The Cost of Doing it Right

I get crazy looks from clients when I tell them the price for some of our services. I’m not oblivious to the fact that historic preservation is sometimes expensive, but it seems that the cost of doing it right offends too many people today.

“Why would I spend $600 to have you restore my old window when I could buy a new one for $160 at Home Depot?”

I’ve heard versions of that statement so many times. Honestly, it’s hard for me to hear. I feel like I might be taking advantage of my clients, but deep down I do know differently.

I know I am providing value. I know that in today’s culture of faster and cheaper products, a business that refuses to take shortcuts will survive on the few people who understand what quality really is.

That statement above would be similar to this in a car salesman’s world:

“Why would I spend $200,000 for a Rolls-Royce when I could buy a Ford Fiesta for $11,000?”

The answer seems clear in this scenario, doesn’t it?

I’m not saying that my window restorations or other services are the Rolls-Royce of the industry, but our work is detailed, precise and done by hand much like how Rolls-Royces are built. This quality of work results in a long-lasting, custom tailored product that is designed to work as an important part of your house.

Whereas the replacement window industry has a one-size fits all methodology to old houses.

The Tale of the Two Painters

Two painters bid on painting the exterior of an old house. The first, tells the homeowner that he can have it done in about four days and will charge $3,000. The painter quotes to spray a fresh coat of paint on the exterior and be out of their way relatively quickly with minimal disturbance to their lives.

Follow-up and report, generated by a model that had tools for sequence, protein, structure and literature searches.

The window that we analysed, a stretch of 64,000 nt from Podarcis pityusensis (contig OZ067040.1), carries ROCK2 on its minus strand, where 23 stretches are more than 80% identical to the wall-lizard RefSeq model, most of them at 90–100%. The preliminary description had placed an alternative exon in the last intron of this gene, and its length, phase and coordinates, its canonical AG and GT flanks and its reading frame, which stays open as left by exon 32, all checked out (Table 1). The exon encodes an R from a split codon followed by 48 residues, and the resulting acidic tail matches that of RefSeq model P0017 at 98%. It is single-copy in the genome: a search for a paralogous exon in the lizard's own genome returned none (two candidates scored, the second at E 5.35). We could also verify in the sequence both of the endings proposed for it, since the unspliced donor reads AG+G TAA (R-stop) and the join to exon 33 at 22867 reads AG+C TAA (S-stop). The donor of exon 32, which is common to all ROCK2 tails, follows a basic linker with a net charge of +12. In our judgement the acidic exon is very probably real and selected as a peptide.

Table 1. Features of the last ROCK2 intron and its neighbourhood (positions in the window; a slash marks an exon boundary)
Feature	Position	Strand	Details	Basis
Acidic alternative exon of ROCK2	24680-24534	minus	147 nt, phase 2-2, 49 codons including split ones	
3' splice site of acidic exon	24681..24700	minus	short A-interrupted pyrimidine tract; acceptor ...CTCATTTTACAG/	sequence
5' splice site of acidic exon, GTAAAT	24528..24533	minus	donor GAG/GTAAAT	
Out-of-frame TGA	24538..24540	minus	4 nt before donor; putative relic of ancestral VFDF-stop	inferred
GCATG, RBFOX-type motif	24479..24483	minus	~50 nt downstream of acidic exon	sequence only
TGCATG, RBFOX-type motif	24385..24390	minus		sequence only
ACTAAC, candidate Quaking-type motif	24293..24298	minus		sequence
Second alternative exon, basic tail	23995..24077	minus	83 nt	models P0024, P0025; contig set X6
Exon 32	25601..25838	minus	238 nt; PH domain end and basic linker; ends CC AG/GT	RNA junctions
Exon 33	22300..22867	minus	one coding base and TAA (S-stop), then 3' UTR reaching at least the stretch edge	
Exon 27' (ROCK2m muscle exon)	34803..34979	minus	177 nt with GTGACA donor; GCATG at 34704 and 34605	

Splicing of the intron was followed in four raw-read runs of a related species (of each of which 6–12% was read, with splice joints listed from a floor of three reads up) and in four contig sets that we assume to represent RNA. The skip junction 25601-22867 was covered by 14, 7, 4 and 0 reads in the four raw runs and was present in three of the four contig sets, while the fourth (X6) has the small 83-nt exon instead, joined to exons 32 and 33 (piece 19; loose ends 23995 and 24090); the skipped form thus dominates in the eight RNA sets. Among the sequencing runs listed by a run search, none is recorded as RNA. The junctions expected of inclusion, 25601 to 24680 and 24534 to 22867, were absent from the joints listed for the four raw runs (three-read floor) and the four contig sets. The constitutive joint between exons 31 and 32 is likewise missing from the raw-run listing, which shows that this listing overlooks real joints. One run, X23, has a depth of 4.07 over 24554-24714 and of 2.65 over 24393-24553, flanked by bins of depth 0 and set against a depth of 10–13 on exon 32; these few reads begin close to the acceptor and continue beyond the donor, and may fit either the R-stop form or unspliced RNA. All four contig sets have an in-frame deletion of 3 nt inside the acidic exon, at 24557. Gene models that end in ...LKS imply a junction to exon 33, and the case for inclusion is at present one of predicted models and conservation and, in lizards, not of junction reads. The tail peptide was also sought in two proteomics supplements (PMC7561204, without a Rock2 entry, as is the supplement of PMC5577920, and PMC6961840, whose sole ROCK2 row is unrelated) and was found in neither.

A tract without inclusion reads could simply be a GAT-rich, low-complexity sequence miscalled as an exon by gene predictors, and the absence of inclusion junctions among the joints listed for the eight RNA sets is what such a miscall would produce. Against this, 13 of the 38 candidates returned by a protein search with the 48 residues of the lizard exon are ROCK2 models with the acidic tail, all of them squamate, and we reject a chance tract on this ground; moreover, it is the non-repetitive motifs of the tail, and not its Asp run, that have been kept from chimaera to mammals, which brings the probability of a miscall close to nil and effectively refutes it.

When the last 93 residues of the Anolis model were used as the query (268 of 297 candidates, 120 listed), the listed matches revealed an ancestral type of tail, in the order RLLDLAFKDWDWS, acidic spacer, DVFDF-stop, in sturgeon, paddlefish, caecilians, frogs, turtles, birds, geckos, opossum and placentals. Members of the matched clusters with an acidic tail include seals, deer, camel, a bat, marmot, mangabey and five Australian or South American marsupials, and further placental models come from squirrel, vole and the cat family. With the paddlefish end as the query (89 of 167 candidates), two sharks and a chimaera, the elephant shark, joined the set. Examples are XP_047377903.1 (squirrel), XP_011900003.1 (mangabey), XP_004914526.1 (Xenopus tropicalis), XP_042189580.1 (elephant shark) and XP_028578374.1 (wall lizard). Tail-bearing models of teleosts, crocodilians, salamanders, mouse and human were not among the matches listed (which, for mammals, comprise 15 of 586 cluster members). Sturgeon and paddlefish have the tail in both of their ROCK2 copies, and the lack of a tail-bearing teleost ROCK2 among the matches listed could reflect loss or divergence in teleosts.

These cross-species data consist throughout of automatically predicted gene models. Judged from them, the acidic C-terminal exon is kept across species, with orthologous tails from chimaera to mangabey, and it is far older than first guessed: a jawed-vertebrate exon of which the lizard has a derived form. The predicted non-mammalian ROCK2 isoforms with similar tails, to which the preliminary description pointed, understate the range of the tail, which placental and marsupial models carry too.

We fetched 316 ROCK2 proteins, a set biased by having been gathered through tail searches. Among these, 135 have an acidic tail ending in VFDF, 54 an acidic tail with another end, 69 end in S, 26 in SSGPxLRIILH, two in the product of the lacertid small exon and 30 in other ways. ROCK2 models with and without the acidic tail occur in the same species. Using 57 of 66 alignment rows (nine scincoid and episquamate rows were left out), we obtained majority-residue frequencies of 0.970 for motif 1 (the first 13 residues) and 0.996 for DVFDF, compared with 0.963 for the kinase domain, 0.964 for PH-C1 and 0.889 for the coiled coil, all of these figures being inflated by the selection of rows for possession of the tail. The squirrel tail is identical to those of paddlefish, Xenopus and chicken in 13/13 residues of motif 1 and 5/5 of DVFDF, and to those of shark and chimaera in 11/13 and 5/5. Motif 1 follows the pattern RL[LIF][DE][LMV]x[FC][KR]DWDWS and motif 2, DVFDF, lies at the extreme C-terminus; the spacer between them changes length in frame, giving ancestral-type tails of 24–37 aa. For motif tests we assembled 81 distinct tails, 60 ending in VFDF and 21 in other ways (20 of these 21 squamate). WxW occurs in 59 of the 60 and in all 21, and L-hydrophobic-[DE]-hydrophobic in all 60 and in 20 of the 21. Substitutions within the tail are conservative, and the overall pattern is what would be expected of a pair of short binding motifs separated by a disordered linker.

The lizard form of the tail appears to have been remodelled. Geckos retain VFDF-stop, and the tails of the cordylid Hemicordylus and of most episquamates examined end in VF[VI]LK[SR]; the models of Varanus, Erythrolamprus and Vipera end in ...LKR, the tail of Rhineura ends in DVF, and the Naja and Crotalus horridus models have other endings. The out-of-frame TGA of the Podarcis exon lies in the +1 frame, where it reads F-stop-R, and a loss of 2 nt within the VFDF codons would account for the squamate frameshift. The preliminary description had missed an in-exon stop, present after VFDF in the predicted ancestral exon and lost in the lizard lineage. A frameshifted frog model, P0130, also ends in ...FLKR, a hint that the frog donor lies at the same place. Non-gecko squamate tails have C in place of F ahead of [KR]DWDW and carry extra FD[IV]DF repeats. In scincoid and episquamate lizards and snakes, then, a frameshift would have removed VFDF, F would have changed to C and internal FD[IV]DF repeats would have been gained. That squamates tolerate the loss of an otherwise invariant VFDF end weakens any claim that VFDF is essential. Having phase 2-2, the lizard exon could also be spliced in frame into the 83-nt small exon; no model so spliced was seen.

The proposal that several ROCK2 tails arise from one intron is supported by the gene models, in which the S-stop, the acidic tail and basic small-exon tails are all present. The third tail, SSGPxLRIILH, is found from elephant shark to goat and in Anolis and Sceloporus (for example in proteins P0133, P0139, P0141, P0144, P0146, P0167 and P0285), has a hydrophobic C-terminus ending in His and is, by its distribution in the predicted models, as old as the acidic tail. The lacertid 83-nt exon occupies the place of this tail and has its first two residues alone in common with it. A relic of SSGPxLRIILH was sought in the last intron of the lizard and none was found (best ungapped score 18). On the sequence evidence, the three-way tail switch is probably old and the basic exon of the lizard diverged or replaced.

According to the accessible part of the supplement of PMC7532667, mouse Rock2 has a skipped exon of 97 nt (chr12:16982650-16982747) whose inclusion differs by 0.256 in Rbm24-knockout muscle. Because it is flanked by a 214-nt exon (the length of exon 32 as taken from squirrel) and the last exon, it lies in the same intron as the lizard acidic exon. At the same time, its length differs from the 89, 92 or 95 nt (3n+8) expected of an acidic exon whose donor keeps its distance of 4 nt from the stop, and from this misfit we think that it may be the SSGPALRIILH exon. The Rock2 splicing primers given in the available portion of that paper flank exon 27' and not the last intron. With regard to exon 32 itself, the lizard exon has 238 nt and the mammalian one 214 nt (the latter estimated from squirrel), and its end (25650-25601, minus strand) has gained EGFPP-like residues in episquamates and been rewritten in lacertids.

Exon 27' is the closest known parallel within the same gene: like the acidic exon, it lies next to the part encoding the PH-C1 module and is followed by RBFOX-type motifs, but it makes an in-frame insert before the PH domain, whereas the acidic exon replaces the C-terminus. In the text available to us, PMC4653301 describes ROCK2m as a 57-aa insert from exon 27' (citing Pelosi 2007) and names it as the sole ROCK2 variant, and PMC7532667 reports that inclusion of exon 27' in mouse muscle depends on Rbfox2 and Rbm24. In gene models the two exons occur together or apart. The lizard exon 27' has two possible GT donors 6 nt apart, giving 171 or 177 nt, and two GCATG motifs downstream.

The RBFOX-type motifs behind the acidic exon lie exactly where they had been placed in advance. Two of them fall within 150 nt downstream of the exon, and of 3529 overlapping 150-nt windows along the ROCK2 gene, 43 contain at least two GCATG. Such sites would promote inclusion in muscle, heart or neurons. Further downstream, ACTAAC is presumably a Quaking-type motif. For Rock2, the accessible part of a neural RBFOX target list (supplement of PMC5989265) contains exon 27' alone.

“What a deal!” the homeonwers think. To be wise they decide to get a second bid so they have something to compare it to.

The second painter comes by and offers a bid for $15,000 with the work taking approximately three weeks. His quote includes removing all the old paint and starting from scratch with primer and 2 coats of paint brushed on.

“Wow! 3 weeks is long time and that’s five times to cost of the first painter.”

Which one would you choose?

The Real Cost

Anyone can paint a house and make it last for three years. A decent painter can make that same paint job last for twice that long. And a master painter can apply a paint job that lasts for 15-20 years. Which one do you think costs more?

One 15-year paint job may cost upwards of $12,000-15,000 whereas the handyman with a paint brush will only charge you $3,000 for his work. You’ll have to redo that 3-year paint job five times over the next 15 years, but it’s affordable (in the short run) so who cares, right?

Even if the first painter doesn’t raise his prices one cent in 15 years you’ll still pay $15,000 over that course of time to keep your house painted. Not to mention the inconvenience of having a painter at your house every few years for a week or so. and your house accumulating an extra five coats of paint in that time. As a side note, research has shown that with each successive coat paint failure occurs sooner than the last.

Going back to our window example:

Hand painting window sashes is expensive. It is labor intensive. It requires a skilled painter. So, why do we do it? Because it is right. Hand painting is the only way to ensure a good seal and protect the window from the elements. If you want it done right, there is a price to pay.